by Jeff Fiedler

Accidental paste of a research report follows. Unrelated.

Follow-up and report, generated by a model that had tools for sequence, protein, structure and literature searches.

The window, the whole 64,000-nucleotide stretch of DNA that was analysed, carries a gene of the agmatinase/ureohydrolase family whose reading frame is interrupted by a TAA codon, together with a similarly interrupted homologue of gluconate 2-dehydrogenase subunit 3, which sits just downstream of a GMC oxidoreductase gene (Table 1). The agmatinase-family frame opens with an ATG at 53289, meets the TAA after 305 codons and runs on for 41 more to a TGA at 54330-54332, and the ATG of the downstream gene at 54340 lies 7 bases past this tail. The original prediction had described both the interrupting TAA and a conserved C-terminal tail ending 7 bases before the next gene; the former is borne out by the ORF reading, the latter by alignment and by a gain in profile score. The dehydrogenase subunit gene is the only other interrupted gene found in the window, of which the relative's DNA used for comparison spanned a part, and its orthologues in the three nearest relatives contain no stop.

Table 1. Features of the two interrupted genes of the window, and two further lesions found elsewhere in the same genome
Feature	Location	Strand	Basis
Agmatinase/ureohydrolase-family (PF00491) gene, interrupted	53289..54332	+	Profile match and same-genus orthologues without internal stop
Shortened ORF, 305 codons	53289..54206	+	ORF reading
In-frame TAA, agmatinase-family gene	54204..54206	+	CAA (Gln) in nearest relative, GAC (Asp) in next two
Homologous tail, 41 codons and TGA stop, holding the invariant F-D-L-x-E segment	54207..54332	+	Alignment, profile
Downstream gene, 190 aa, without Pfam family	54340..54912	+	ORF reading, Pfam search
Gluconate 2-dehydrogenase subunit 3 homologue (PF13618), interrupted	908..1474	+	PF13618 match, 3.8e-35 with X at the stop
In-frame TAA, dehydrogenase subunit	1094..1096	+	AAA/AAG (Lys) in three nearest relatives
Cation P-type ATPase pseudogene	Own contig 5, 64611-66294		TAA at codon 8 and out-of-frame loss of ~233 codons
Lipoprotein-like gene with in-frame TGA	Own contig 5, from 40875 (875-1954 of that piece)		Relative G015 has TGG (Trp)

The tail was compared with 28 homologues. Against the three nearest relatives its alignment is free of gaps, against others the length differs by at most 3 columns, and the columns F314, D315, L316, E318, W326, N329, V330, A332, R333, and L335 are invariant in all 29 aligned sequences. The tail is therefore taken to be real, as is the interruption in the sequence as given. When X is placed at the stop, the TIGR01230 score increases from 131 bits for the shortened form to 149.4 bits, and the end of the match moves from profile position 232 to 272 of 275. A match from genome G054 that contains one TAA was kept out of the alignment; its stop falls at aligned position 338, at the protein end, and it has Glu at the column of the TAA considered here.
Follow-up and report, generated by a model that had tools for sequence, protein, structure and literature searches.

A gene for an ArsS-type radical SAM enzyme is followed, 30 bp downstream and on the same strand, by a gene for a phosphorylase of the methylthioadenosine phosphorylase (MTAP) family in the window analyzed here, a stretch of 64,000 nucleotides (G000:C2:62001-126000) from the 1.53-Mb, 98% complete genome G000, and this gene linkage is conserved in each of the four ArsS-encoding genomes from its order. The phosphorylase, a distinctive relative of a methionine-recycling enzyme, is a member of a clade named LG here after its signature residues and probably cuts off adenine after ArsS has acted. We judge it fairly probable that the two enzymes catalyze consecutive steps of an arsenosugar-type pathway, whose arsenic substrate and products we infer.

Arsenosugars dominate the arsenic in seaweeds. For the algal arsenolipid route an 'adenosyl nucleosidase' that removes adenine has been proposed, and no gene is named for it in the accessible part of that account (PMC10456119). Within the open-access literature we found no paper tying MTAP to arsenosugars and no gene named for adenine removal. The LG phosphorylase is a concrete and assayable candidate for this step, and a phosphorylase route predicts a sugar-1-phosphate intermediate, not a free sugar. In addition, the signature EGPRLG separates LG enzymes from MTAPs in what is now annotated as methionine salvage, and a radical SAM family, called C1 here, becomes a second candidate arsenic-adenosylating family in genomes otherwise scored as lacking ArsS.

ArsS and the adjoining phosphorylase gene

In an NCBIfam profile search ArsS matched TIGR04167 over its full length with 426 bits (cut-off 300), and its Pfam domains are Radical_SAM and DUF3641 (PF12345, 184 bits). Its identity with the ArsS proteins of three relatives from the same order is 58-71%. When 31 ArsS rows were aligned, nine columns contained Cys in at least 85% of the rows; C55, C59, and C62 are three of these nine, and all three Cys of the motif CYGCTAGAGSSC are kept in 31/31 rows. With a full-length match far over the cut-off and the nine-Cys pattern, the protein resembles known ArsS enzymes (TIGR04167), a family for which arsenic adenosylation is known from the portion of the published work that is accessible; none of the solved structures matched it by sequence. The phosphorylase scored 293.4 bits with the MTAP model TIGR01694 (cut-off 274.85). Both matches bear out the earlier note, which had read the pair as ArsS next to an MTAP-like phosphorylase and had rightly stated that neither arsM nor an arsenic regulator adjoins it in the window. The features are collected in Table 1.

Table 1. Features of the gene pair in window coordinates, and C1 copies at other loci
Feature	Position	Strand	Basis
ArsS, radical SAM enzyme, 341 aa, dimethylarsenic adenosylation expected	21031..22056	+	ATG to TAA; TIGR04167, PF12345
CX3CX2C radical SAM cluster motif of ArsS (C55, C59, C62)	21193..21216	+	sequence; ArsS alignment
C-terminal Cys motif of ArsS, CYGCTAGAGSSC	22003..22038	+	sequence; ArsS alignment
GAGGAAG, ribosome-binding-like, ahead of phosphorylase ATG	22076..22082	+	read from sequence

The immediate adjective that comes to mind when one thinks of the late Glen Campbell is “multi-talented.” Even if he had never made a single album of his own (and he’d go on to make nearly sixty studio albums in addition to six live discs!), he’d still have gone down in music history as one of the greatest and most in-demand session musicians of the ‘60s, having served as a crucial member of the now-legendary Wrecking Crew team, briefly serving as a full-blown member of The Champs of "Tequila" fame, and even being invited to become a member – albeit just a temporary one – of one of the biggest rock groups of the ‘60s, the Beach Boys. (Campbell would spend four months as a touring replacement for Brian Wilson during the early part of 1965, Brian later penning a great, oft-overlooked non-LP single for Glen in "Guess I'm Dumb.") By the late ‘60s, the former session great had reinvented himself as one of the premier adult-contemporary balladeers in the business, one regularly reaching the upper part of the singles charts – on the pop and country surveys alike, Campbell being one of the biggest country-crossover success stories of the ‘60s and ‘70s – with his instant-classic renditions of some of Jimmy Webb’s finest compositions. He had his down periods both commercially and artistically, but his vast discography also boasts three distinct golden eras, an impressive feat for any performer with a catalog of albums spanning over four decades, and his unlikely comebacks were epic both in their duration – when Campbell was on a hot streak, he was truly on fire – and their artistic brilliance. But beyond being just a fabulous vocalist and guitarist, Campbell had plenty of charisma, a trait that served him well on camera, and that would lead to a second career as both the host of television’s The Glen Campbell Goodtime Hour, one of the longest-running prime-time variety shows of the ’70s, lasting four seasons, and an actor on the silver screen, Campbell receiving critical raves for his co-starring turn alongside the legendary John Wayne in the 1969 film True Grit. But it was the world of music to which Campbell made his greatest contributions, and we salute his career here by selecting and showcasing – in chronological order – his fifteen most essential long-players as a recording artist.